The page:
Liver slice culture allows many “feeding trials” on the same individual, providing much better control over biological variation than live feeding trials. Here’s how: Cut out a small block of liver and superglue it to a plastic cylinder. Encase it in agar and mount it in a vibratome, a slicing machine. Each slice goes into its own lab dish, to be fed for example vegetable oil or marine oils.

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Jacob Torgersen and his PhD student Tom Harvey use liver slices as a wet-lab model system. Here’s a slow-motion video of the vibratome in action:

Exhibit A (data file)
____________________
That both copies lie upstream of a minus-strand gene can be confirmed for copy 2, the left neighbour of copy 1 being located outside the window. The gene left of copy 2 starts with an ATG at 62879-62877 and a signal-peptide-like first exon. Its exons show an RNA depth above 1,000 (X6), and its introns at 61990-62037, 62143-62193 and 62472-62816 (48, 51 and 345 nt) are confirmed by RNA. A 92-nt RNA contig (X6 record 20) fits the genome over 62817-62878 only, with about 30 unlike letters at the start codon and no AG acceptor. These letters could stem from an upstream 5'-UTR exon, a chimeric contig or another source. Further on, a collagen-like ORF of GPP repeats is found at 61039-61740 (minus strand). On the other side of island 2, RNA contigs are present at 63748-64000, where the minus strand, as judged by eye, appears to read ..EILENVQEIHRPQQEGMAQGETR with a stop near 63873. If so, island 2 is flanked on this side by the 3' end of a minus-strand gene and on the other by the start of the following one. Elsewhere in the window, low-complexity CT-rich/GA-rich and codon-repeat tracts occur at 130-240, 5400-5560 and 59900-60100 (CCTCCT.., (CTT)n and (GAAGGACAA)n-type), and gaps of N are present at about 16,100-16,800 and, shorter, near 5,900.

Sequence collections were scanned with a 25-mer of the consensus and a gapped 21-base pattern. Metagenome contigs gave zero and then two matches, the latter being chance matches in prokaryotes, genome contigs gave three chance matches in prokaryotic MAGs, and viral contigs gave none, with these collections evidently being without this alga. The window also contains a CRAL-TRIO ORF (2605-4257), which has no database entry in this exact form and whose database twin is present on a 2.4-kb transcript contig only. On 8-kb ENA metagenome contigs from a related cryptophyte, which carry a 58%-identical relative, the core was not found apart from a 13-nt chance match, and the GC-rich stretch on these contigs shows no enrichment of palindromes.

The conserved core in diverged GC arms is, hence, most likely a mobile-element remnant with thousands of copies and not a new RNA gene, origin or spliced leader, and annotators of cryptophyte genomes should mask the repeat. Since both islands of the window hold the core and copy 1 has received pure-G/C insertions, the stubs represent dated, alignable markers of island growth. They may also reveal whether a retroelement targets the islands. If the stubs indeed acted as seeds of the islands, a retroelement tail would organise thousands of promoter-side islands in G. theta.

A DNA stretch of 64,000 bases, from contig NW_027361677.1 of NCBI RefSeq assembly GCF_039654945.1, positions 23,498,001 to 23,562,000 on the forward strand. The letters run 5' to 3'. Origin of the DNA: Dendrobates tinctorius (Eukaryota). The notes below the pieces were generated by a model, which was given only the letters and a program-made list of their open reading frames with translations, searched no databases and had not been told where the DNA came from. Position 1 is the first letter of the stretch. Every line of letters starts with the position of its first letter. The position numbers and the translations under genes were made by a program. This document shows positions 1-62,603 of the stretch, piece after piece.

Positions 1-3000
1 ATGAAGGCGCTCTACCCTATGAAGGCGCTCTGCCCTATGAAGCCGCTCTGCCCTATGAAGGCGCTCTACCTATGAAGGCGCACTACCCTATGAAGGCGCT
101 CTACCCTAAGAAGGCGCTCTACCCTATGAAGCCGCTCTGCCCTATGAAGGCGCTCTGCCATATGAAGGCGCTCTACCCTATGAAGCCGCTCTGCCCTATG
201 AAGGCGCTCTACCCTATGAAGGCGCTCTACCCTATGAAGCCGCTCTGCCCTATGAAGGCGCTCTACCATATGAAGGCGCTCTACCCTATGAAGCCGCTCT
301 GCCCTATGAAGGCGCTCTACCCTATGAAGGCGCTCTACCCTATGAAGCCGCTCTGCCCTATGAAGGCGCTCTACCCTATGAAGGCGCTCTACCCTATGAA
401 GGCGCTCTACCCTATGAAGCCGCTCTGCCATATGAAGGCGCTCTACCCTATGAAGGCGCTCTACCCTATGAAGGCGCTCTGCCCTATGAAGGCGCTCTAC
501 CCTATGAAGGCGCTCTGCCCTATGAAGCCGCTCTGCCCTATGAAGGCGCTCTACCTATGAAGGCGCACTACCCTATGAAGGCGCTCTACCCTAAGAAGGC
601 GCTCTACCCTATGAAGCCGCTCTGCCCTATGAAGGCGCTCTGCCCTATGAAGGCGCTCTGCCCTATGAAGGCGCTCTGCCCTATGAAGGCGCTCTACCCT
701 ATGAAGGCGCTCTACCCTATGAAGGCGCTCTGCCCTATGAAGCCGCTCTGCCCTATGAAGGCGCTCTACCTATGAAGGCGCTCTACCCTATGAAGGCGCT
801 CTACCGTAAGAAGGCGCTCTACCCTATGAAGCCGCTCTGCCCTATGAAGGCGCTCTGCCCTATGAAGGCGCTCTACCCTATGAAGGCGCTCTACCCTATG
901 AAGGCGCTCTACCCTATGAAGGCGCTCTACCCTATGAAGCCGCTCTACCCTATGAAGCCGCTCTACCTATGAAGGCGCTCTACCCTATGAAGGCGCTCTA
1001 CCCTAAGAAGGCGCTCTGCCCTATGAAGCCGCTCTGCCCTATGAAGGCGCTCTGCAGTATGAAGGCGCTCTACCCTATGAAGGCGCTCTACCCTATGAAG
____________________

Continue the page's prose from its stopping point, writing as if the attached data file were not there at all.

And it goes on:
Video credit: Tom Harvey

And here’s what you can see in the microscope after five days on different “diets”:
Precision-cut liver slice culture

Image credt: Jacob Torgersen

The images show stained neutral lipids in three slices from the same fish, cultured on substrate containing no oil (some lipids from day 0 remain), vegetable oil (characteristically large drops of fat), and marine oil (characteristic small droplets of fat). Slices were stained for nonpolar fatty acids; images are 50 μm across. Omics analyses of gene expression and meta¬bolic activity are currently being investigated. Omics data from multiple in vitro diets will be extremely helpful for example in building mathematical models of salmon fatty acid metabolism.

References: doi:10.1096/fj.10-173716, doi:10.1093/oxfordjournals.jbchem.a022240